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throng, but the resident of the Great Lake district, if he find little enjoyment in the general play-time, may still make reparation for the omission by the fullest indulgence in the pastimes of the snowy season. The advantage to the young people of the lake cities is manifest; for not only have they recourse to the tobogganing, snowshoeing, and tandem-driving which constitute the chief joys of their brothers and sisters in other northern cities, but skating and ice-yachting on the lakes are also possible adjuncts to the winter programme.

Between the periods of summer indulgences and winter sports there are intervals in the spring and autumn. The passenger steamers which ply up and down the lakes have, as a rule, been retired to winter quarters fully a month

With vesselmen receiving anywhere from $6.000 to $16,000, according to the size of the craft, for bringing a cargo down the thousand-mile stretch of the lakes, and with the expenses of the trip amounting to only $1,000 to $2,000, it is only natural that they should strive to keep their boats in service as long as possible. And so ofttimes in the early winter the freighters come into port with every spar and rope sheathed in many coatings of ice, and with the prow piled high with a great glistening mass, its bulk increasing as the spray from each wave is dashed against it.

You can even find old mariners who can regale you with tales of a Christmas spent on the lakes with their good ship poking her nose into a snow-laden blizzard and the sailors crawling about in oilskins

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before any signs of a shimmering coating frozen to armor-like rigidity. Sometimes, appear upon the water, and they do not as in the winter of 1898, a whole fleet of venture out in the spring until many vessels, scurrying homeward from a final weeks after the hardy freight-carrying trip, is caught and held fast for days in steamers emerge, resplendent in a new the clutches of a great field of ice. Then dress of paint, for their season's work. it is that decisive action and quick work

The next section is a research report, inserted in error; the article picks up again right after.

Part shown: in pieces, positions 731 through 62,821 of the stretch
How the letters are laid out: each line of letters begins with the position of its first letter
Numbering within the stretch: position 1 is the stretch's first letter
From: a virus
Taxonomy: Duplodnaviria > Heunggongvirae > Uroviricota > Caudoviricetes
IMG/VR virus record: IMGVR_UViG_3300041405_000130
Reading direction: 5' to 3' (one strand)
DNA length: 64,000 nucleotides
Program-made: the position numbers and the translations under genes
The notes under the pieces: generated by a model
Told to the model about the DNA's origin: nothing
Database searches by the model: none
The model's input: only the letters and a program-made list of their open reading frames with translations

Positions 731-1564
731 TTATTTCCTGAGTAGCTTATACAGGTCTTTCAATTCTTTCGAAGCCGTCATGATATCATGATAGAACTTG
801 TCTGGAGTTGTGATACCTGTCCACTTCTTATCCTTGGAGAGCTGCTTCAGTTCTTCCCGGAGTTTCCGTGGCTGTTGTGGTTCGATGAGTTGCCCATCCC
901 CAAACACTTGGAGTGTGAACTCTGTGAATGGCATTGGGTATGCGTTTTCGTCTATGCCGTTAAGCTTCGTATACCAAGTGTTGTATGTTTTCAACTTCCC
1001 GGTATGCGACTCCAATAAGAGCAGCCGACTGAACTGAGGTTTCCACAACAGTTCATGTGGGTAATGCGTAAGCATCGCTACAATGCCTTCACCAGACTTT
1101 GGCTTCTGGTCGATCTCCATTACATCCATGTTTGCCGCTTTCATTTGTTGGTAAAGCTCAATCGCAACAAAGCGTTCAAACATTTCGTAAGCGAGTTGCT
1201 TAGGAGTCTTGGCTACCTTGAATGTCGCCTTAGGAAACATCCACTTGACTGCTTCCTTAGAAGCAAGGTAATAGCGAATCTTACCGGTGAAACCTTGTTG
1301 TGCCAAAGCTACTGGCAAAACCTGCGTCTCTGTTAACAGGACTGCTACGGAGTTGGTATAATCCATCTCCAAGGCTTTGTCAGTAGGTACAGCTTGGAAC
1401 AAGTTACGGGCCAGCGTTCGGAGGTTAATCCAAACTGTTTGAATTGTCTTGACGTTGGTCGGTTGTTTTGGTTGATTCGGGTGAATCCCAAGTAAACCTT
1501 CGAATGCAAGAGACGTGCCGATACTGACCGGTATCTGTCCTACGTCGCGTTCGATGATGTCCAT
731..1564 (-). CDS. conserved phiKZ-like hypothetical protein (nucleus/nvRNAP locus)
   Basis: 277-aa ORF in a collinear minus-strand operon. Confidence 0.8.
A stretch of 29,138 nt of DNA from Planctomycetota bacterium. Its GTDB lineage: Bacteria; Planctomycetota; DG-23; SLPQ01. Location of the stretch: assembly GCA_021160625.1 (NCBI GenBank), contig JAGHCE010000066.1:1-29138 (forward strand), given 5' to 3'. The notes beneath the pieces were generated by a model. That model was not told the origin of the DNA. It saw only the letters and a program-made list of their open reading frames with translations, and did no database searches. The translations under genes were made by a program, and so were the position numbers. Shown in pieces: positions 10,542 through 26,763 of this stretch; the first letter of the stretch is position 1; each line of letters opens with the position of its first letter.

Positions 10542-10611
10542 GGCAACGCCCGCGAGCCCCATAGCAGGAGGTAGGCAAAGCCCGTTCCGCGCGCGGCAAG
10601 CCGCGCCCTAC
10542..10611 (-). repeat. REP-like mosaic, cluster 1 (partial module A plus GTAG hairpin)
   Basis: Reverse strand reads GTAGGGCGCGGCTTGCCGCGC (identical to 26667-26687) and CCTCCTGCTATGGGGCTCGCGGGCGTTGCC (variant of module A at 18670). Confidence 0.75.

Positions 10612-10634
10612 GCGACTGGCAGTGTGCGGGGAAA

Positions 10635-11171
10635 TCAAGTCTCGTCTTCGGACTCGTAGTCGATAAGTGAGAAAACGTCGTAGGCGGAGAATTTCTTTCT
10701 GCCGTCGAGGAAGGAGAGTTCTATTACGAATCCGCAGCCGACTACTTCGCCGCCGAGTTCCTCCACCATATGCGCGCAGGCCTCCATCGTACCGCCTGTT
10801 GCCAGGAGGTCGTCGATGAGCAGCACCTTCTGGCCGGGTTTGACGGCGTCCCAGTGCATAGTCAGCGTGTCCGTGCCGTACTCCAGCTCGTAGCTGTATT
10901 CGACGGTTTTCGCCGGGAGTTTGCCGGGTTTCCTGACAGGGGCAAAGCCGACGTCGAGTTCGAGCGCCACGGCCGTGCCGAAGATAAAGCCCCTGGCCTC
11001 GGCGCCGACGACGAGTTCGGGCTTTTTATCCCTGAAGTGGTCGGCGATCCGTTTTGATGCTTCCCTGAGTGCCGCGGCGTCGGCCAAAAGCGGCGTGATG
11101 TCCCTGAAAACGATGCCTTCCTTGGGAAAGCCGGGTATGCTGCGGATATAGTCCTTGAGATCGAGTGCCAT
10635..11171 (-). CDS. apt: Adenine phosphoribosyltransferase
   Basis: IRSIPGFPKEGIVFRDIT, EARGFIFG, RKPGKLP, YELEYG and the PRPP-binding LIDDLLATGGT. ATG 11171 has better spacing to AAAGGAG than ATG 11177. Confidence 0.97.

These selfsame cargo-carriers consti- is necessary. Ice-crushing steamers and tute, in their late fall trips, one of the a mosquito fleet of whistling, snorting most picturesque phases of lake navigation. tugs must be hired — perhaps at an ex

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Ice-CRUSHING STEAMER « SAULT STE MARIE » PLOUGHING THROUGH A HEAVY FIELD

foretaste of winter's rigors, what must be said of those rugged fellows who throughout the whole zero weather plough their staunch craft backward and forward along ice-bound trails. The ice-crushing steamers of the lakes are without exception car-ferries, – that is, they transport whole trains of passenger and freight cars from one terminal of a railway line to the other, thus constituting an important link where bridges would be impracticable.

These ice-challenging ferries ply the straits of Mackinac, the Detroit River, and across Lake Erie from the American to the Canadian shore. They are huge steelshod craft weighing several thousand tons, and some of them have cost more than $350,000 each. Fitted with propellers at either end, they crumble the ice by the pressure of their great bulk as though its three or four feet were but a thickness of cardboard.